Caring So Much It Hurts

[Spoilers for Series 2, 3, and 4 of Doctor Who follow.]

Ania and I watched the new series of Doctor Who a while back.  We never finished it, though.  We had a lot of trouble sustaining interest through Matt Smith’s tenure as the Eleventh Doctor.  Eleven was a cocksure weirdo who spent entirely too much time leading armies into battle while wearing “pacifism” like a badge and not enough doing the things that made us fall in love with David Tennant’s version.

The Tenth Doctor cared so much it hurt.

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Caring So Much It Hurts

We Don’t Serve Your Kind Here

I’d like to share an anecdote from a Dungeons and Dragons game I ran a few years ago.

The group of player-character adventurers was attending an aristocrat’s ball.  Their goal was to ingratiate themselves with the rich dilettante hosting the ball, to gain passage on his flying whale-cum-airship to their next destination.

The six adventurers were well-placed to gain the aristocrat’s favor, having rescued one of his associates in a previous quest and having spent some of their loot on making sure they didn’t look out of place in the airship hangar full of old money.  The party was a motley bunch at best—a well-spoken robot psychic, a clumsy dragonborn warrior, a bloodthirsty wood elf archer, a pompous high elf mage,  a grim minotaur soldier, and a quietly regal shaman from a race of shapechangers with ties to rats and ravens—but they gave it the good D&D try.

And the moment the shapechanger tried to speak to that nobleman, he glared in the direction of the two elves and the robot and barked, “Control your livestock!”  The rest of the brief conversation transpired between the three “civilized”-looking characters and the nobleman, with the more “monstrous” dragonborn, shapechanger, and minotaur cowed and silent.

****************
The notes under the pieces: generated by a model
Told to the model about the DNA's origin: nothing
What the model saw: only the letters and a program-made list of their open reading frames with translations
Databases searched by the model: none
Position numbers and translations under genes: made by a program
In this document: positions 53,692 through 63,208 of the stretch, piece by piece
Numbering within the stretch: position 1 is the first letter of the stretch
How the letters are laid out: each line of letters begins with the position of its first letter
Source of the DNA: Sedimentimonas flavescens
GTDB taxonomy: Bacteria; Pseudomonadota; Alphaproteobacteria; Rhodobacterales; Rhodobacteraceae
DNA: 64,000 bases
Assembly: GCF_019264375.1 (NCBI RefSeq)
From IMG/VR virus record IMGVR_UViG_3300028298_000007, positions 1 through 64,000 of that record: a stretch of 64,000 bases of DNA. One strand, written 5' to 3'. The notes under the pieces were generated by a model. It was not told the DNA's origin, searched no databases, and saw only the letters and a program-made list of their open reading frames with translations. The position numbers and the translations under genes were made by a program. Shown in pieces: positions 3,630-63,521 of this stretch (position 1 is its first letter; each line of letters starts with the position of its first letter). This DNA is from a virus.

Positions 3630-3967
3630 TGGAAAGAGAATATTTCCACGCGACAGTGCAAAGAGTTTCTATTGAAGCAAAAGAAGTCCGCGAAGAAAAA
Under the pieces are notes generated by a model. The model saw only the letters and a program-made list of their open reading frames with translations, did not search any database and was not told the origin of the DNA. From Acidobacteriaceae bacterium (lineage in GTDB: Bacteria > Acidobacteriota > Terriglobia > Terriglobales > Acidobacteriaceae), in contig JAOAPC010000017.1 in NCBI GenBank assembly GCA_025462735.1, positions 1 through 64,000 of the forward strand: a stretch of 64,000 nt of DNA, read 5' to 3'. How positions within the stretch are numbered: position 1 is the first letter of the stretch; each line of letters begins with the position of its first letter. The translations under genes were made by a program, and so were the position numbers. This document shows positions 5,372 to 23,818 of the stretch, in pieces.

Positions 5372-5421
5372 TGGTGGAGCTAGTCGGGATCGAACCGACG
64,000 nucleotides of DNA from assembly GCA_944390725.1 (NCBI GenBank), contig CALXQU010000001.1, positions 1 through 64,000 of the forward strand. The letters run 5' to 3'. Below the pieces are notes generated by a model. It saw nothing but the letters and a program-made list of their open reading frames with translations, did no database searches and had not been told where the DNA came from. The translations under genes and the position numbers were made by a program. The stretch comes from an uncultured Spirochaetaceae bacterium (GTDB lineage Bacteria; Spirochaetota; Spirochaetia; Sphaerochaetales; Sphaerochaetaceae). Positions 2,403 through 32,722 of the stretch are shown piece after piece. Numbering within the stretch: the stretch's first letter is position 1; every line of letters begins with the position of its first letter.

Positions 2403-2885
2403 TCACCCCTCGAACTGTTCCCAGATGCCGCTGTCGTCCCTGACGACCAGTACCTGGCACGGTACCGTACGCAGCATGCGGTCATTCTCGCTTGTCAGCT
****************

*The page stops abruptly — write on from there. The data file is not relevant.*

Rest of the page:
The players controlling those characters were, then, too taken aback by the force of the rebuke their characters received to contest it, either in-game or out-of-game.  They simply accepted that they would be excluded from this particular plot point, and dallied with their smartphones until they would again have a meaningful way to contribute to their party’s benefit.  But what if they hadn’t been?

The aristocrat’s racism was not something I’d thought about in advance.  It came unbidden in a moment’s improvisation, perhaps as a not-entirely-conscious effort to keep from having to juggle six conversations at once.  It wasn’t presaged with prior information about his behavior, it wasn’t an established feature of the region’s culture (which none of the PCs were from), and it wasn’t something the characters had encountered before.  Just spontaneous, unexpected bigotry cutting those players out of part of the adventure, to no discernible benefit to them or to the plot, with no obvious means of escape and the promise of ruining the negotiations and wrecking everyone else’s fun if their characters protested.

Did I mention that all three of those players were at least one letter of QUILTBAG?

Continue reading “We Don’t Serve Your Kind Here”

We Don’t Serve Your Kind Here